Complications, Pain & Healing

WORDS: Corrine Barraclough PHOTOGRAPHY Corrine Barraclough

CB’s BC Journal

It’s now four weeks since my surgery; healing and recovery is slow.

Last week, I went back to Robina Hospital to have my two seromas drained. These are complications following surgery, basically two large build ups of fluid which the body has decided to produce as a result of being ‘attacked’ in surgery.

Seromas are pretty common I’m told but, of course, I’m concerned that mine are going to be persistent. The very large one, on my right-hand side where I also had 25 lymph nodes removed, is so big I can’t put my arm down by my side properly.

I was hoping for a few days respite at least, after being drained, but they filled back up literally overnight.

There was a point during that appointment at Robina when I had two doctors, plus a student nurse, plus three breast care nurses around my bed in the wound bay. It was quite the party – except it was a really painful party and the worst I’ve ever been to!

The plan was to use one large needle to drain the seromas and then put some fluid into each expander. The pain was so intense I had a few tears and at one point wondered what would happen if I vomited into my facemask. Would I choke? I almost blacked out the pain was so harsh.

But, I got through it, put my sober little head on the pillow that night feeling pretty proud of myself.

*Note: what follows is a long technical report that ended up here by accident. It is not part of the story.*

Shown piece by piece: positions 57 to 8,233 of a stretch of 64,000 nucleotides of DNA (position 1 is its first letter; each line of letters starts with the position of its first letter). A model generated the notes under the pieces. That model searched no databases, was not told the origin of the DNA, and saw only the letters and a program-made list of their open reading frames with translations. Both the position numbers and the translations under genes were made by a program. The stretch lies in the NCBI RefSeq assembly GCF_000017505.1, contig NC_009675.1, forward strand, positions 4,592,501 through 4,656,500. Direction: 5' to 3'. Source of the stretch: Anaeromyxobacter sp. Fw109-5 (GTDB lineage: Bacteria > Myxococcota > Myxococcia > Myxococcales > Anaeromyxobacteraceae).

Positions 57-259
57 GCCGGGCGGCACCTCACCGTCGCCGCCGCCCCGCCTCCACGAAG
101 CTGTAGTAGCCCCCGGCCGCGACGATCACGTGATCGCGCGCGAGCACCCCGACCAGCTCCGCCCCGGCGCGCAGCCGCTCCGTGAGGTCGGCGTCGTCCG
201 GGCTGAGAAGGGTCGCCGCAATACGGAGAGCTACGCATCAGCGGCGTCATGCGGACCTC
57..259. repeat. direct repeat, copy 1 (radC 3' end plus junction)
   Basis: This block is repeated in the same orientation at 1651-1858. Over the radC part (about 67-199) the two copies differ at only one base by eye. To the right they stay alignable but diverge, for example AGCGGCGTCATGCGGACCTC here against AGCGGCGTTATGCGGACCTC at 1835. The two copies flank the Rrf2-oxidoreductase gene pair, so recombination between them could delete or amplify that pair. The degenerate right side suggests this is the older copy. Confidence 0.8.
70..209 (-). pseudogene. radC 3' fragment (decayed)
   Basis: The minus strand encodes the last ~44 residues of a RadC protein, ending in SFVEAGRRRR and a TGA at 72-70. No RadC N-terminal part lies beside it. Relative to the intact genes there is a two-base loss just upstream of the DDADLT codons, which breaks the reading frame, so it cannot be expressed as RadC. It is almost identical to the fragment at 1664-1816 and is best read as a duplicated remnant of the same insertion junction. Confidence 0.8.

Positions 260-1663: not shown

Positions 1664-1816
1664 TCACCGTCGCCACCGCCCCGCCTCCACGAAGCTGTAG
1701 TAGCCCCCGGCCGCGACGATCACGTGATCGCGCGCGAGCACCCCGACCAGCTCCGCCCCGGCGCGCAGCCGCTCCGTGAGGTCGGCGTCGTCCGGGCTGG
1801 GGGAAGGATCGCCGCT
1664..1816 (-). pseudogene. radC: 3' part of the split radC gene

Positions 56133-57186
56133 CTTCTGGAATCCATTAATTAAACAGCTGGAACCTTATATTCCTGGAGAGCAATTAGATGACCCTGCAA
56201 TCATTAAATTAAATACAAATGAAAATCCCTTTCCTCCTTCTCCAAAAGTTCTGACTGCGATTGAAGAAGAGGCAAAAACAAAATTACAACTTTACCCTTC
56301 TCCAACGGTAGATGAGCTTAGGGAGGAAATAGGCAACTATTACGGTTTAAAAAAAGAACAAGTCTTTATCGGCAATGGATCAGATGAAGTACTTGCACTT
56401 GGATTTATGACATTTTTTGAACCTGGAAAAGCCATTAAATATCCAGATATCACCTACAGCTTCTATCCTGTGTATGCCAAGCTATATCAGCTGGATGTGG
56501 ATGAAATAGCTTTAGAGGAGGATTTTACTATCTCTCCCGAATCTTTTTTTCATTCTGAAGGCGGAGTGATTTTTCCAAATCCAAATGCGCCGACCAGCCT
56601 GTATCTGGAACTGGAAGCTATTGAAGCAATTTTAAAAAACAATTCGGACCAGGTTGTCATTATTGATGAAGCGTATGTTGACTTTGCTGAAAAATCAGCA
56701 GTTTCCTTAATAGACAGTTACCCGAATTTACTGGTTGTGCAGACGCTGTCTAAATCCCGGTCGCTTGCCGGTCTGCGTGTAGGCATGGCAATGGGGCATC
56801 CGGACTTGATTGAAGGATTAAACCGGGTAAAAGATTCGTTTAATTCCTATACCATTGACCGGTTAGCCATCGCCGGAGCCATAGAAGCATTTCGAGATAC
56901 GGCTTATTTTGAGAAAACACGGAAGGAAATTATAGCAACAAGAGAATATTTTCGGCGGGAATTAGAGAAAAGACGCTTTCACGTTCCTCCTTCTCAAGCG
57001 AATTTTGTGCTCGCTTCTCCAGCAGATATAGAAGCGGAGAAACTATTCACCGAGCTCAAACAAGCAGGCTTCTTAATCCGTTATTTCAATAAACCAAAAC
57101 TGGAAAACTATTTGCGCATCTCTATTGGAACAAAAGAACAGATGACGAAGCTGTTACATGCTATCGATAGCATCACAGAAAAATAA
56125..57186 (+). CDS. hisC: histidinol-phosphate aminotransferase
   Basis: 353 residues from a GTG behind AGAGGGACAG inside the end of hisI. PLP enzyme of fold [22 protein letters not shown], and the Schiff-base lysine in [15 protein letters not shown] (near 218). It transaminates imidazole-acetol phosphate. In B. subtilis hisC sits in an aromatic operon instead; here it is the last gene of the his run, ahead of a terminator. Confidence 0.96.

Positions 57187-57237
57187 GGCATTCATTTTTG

My GP altered my pain relief, which has helped a little, but that doesn’t change these large pockets of fluid I’m stuck with.

The good news is that my blood tests, which I had to have done before this latest appointment, showed my body’s recovering well from chemo. Still some recovery to do, but my body’s rising to the challenge. Hurrah!

I’ve said yes to seeing a radiation oncologist who will discuss the pros and cons of considering preventative radiation, but I’m not panicking about that at this point.

I do not need more chemo; I cannot express my relief at hearing that.

I’ve started planning fun hairstyles to try as my hair grows back, so look out for bold styles, plenty of colour and many strands of joy over the next few months!

I’m wearing a compression top, doing my daily physio, keeping up with writing work, and making sure I get plenty of rest.

When the poor me’s start sneaking into my mind, I remind myself of those key words I was told by the doctor, “Your lab results are showing a complete pathological response to treatment”.

I must be patient. I’ve had the very best lab results anyone could hope for, now my body needs time to reset after everything it’s been through. Considering my diagnosis was in February, this entire year has been focused on fighting breast cancer.

I’ve smashed it.

Now I need to breathe, get plenty of rest and sleep, and allow nature to do its thing.

My friends, we are on the path to healing!

More soon,

Corrine x

Corrine was diagnosed with Stage 2 breast cancer, which has spread to her lymph nodes. Her medical oncologists are pursuing a “cure”, which will begin with a six-month course of chemotherapy at Gold Coast University Hospital, followed by surgery at Robina Hospital and then likely further treatment.